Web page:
“We just played South By Southwest (SXSW) in Austin, Texas, which was a complete gong show,” said Woodward on the phone from Victoria, B.C.
The band — composed of Woodward, guitarist/bassist/jack of all trades Nic Basque and lead vocalist Warren Spicer — just performed a hectic five shows in three days at SXSW. Their time at the festival didn’t allow the band to slow down, said Woodward.
“There’s a show everywhere, there’s a bar everywhere in Austin, there’s a parking lot everywhere in Austin, and anywhere there’s an open space people set up a stage. It’s a zoo. It’s a zoo of music.”
Their tour began only weeks ago, shortly after the release of their new LP The End of That, but with over 30 dates still to come they have no rest in sight. Of course, this is nothing new for a group that has been playing and touring since 2005.
“After an album release, you hit the road pretty hard,” said Woodward. “That’s a busy time and then it tends to gently peter out over a while and then you record and put out another album. At the very simplest, that’s the way album cycles work for us.”
Though The End of That was just released, Woodward says the songs may find new lives over the course of the tour. “We spent a lot of time rehearsing before this tour in Montreal, but we do end up developing things on the road. There’s no better place than in front of an audience for finding out what’s working and what’s not.”
The album began to take form last winter in Montreal. The group recorded in a local studio, laying down basic groundwork for what would eventually become The End of That. After a period of practicing, recording and tweaking what Woodward describes as being “almost like working every day,” the band packed up and headed to France.
There, in a small community outside Paris, the band returned to a studio called La Frette where they had recorded years before.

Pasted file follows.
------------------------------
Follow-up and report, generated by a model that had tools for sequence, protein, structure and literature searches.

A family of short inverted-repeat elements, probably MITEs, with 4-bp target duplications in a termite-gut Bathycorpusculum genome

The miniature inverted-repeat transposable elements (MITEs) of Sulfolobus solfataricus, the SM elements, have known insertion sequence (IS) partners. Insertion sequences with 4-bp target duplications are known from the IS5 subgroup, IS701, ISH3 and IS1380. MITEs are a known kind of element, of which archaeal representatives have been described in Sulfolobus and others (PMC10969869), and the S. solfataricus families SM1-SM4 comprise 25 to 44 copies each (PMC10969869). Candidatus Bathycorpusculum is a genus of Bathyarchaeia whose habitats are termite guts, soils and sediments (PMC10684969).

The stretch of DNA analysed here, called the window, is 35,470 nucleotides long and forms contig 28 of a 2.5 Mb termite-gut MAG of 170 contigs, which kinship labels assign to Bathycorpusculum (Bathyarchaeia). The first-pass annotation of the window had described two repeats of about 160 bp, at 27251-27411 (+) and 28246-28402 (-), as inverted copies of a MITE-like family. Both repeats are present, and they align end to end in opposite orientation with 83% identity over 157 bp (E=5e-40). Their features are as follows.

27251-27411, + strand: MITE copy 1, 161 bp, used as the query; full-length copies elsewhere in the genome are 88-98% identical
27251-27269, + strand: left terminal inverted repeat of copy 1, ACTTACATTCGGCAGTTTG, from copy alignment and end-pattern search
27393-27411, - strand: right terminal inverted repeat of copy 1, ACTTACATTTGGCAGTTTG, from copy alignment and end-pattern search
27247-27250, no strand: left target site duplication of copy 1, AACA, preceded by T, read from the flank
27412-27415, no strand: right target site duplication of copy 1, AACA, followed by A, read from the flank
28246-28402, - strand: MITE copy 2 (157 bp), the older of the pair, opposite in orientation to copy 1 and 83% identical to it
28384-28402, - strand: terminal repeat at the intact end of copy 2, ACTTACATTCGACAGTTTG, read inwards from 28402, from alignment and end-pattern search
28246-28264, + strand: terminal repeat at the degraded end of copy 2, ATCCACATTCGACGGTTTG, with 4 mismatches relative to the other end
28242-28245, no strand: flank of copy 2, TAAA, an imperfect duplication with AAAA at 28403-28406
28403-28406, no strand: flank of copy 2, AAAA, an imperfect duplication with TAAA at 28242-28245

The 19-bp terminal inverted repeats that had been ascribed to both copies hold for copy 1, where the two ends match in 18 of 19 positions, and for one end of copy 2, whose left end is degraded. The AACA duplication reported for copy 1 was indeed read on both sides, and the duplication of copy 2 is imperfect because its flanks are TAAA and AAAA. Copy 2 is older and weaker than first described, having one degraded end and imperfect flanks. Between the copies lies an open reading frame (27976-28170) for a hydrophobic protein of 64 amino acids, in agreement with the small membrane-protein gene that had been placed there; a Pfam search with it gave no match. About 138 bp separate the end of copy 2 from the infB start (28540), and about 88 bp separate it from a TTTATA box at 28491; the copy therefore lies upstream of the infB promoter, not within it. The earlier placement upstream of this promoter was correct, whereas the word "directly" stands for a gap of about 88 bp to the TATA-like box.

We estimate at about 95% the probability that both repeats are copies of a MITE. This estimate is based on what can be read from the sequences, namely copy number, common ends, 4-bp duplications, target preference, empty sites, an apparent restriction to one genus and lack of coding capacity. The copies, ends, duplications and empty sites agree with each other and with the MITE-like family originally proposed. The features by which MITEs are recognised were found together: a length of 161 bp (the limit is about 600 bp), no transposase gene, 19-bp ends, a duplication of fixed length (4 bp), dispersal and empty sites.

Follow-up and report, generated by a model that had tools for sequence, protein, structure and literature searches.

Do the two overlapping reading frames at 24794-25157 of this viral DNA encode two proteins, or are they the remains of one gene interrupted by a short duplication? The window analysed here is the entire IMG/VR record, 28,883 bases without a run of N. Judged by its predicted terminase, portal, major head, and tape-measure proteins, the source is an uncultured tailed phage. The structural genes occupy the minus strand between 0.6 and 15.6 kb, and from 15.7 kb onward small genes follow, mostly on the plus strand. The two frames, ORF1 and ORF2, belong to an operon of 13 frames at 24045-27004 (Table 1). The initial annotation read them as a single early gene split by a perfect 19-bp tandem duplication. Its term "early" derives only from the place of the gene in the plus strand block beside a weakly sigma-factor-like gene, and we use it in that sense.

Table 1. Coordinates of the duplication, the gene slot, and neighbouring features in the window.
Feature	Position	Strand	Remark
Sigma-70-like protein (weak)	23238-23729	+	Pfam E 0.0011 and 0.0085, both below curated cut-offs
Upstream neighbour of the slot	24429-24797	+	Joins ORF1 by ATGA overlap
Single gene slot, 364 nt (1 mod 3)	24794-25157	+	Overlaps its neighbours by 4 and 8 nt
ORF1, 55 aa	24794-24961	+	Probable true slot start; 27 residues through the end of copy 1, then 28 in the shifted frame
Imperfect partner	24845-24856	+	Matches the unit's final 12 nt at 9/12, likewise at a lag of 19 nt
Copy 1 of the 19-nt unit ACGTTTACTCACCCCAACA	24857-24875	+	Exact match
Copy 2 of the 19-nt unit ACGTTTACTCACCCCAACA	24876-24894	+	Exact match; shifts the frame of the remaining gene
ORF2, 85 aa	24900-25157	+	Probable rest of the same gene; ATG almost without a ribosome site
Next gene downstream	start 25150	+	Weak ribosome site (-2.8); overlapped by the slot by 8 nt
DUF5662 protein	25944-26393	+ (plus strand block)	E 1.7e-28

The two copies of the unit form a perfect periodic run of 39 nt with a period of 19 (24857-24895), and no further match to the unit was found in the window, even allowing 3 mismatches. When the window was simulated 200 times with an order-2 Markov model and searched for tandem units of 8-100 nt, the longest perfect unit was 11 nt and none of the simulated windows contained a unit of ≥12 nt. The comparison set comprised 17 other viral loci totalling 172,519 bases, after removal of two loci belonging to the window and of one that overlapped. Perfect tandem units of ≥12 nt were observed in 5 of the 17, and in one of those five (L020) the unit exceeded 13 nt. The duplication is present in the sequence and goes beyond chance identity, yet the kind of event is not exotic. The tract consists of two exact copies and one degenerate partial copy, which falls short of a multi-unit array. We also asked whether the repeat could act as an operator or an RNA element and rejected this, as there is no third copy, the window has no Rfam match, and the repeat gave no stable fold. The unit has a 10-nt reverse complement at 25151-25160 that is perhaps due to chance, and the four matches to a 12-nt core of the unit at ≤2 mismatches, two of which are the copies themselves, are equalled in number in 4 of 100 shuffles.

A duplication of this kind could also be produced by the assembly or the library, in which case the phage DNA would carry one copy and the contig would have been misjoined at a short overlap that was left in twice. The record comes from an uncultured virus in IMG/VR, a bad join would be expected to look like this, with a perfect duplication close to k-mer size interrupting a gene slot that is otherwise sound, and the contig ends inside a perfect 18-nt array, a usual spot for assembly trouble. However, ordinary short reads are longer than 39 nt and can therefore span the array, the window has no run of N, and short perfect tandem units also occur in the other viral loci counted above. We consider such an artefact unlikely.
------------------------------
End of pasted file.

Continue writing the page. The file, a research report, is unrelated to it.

“It’s a world-class studio that also happens to be in a beautiful house that you sleep in, eat in and smell the breeze in,” explained Woodward.
The album itself is an evolution for Plants and Animals. The band tried to achieve a continuity on this record that was lacking from their previous two LPs.
“The tones are really consistent from song to song and through the album,” said Woodward. “Nic’s guitar especially, he’s got this certain sound that sort of threads the whole thing together.”
Even though the album contains that continuity, Woodward resists attempts to classify The End of That under one specific musical genre or time period. “Some songs are dry and kind of R&B-ish, and that has a ’70s feel, and there are other ones that we recorded in the big living room upstairs that have more of a grandiose feel.”
When compared to their previous albums, The End of That definitely has a unique sound. The group’s effort to craft an album that sounds like the same collection of music from start to finish is evident, but the group’s focus remains on crafting great music regardless of what comparisons they might draw.
“This one, maybe in its simplicity brings ’70s references to people’s minds, but we tried to still keep it contemporary,” Woodward explained. “We’re not trying to be in an era that we’re not.”
Looking to the future, Woodward says the band has found a comfortable sound with this album, but that they’re not done working.
“I hope we don’t get too conservative because it’s a lot more interesting to keep changing than to recreate over and over again.”
Now that the album is out, the group is focusing entirely on the tour. Until the end of April they’ll be driving to a different town every day, playing a different bar almost every night, and Woodward says that despite their packed schedule they look forward to returning to Saskatoon.
“I couldn’t imagine driving across the prairies without stopping in and playing at Amigos. The crowds there are always really good.” Woodward paused to let out an extended yawn. “Rowdy,” he concluded.